To sum up quickly, Functional style is an imperative style without side effect. No flow of time, each variable is constant, and we don't have loops. Now, what can be done under such drastic restrictions? Computations. Given an input (a value), I can produce an output (another value). I just have to call some function or write some expression. Of course, if a program need to perform IO or user interaction, we need imperative features. However, large parts of many programs are mere computations.

Conclusion: there is a room for functional style. Now, is it a good idea to actually use it were we can? To answer this, I remember the most important questions: Is my code correct? Is it readable? Correctness and readability are always an issue when writing software, for code is rarely bug free, and programmers rarely work alone. Readability is often considered most important. For instance, If some piece of code looks scary, common wisdom say it can't be readable. Then, we can't check it's correctness. Conclusion, it belongs to the garbage, for we can't risk money and jobs in scary code. So, if functional programming is scary, we can't use it. To many, functional programming is scary: to actually compute anything interesting, functional programming encourages the use of features which are, for some reason and many people, scary. (These people often say: impractical.)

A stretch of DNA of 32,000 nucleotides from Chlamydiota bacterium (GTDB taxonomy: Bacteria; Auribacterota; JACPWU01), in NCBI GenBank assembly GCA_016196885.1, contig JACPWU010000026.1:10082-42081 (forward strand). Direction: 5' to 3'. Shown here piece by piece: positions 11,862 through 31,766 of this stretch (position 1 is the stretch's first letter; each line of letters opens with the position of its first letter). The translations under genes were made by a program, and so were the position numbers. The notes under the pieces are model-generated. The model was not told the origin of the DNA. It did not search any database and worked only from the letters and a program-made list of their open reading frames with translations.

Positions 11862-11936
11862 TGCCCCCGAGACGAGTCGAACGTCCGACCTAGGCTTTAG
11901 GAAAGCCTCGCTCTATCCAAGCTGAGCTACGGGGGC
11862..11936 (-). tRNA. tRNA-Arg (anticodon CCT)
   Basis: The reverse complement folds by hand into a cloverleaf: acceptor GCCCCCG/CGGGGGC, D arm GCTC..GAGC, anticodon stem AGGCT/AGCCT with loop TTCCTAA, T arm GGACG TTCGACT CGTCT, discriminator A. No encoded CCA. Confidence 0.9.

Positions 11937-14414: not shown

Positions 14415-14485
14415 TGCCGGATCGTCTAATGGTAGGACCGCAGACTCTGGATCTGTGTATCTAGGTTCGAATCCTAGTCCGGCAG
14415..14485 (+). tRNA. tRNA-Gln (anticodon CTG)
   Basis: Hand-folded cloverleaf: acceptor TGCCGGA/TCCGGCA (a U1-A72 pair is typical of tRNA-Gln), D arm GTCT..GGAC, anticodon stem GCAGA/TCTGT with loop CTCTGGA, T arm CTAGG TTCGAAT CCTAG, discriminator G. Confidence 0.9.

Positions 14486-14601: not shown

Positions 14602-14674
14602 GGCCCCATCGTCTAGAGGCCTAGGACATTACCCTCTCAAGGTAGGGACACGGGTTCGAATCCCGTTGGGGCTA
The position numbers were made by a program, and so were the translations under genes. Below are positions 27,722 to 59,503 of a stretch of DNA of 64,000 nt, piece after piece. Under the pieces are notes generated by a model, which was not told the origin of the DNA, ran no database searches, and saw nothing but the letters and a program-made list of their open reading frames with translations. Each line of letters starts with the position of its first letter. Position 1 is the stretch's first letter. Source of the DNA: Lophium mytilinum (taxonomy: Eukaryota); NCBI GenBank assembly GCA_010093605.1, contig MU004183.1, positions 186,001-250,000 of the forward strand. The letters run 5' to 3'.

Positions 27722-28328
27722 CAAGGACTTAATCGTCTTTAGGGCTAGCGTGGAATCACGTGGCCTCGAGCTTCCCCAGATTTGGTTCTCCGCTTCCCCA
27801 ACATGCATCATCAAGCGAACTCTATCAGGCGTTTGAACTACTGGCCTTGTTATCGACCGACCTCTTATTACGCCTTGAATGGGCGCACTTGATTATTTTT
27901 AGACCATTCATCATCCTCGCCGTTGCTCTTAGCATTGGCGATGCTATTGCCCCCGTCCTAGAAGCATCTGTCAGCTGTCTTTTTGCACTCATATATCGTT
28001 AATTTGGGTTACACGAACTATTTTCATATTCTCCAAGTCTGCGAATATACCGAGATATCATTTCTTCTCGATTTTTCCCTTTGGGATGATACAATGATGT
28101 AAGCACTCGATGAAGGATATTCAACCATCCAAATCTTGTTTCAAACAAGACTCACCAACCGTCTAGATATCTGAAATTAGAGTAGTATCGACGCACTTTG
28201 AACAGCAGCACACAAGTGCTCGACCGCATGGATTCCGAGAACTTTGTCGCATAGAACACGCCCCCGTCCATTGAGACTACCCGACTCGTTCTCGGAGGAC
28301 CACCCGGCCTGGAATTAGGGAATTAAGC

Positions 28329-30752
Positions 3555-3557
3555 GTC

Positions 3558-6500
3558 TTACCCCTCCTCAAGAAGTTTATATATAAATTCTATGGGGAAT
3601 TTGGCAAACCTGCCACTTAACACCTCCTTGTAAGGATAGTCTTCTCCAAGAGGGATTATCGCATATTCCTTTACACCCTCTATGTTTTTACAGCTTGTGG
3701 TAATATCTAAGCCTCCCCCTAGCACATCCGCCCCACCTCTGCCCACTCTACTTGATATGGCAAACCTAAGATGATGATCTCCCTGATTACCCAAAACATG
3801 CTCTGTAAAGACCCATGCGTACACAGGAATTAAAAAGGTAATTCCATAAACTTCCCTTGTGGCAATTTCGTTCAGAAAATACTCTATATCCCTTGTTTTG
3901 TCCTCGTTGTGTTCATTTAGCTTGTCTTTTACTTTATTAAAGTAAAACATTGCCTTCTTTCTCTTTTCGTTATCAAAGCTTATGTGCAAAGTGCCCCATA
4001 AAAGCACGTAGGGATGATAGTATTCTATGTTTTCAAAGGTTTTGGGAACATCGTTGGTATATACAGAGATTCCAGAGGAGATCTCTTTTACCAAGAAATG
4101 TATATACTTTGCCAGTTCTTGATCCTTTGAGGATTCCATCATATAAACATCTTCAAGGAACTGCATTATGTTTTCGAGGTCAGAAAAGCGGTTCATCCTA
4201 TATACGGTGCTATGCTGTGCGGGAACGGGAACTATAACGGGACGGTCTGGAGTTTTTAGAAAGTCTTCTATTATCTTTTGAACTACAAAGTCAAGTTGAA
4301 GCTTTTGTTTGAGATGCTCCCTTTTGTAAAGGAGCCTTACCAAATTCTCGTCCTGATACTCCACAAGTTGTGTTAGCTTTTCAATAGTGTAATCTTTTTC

The first of these features is recursion. Functions can be defined in terms of themselves. Recursion looks quite foreign, almost magic: how the hell can I use something I have not defined yet? If we need to check the correctness of a recursive function, for example, we first have to assume it is correct. This kind of "bootstrapped" proof often look insane, although it is common in mathematics (I know it since high school).

Currently, any decent programming language, functional or not, support recursion. I think this is because sometimes, recursion is the only reasonable option (when implementing a sort, for example). Anyway, scary recursion is not encouraged by imperative languages. Some people still say it is inefficient (sadly, some implementations still prove them right). We have while loops, and we know them for a long time so why bother?

The second of these features is first class functions. That is, a function is a value like any other. Like any other value, it can be computed, stored in a variable (a new one, unless the language has imperative features) or passed as argument. Very few imperative languages support that. Who would ever want to pass a function as argument? Actually, we do : we have listeners and callbacks, data structures are accessed through iterators, objects are used to mimic closures... We just don't think about these as functions. Because of this, higher order functions are still perceived as an alien concept good for research, experts, or the garbage (remember the big money).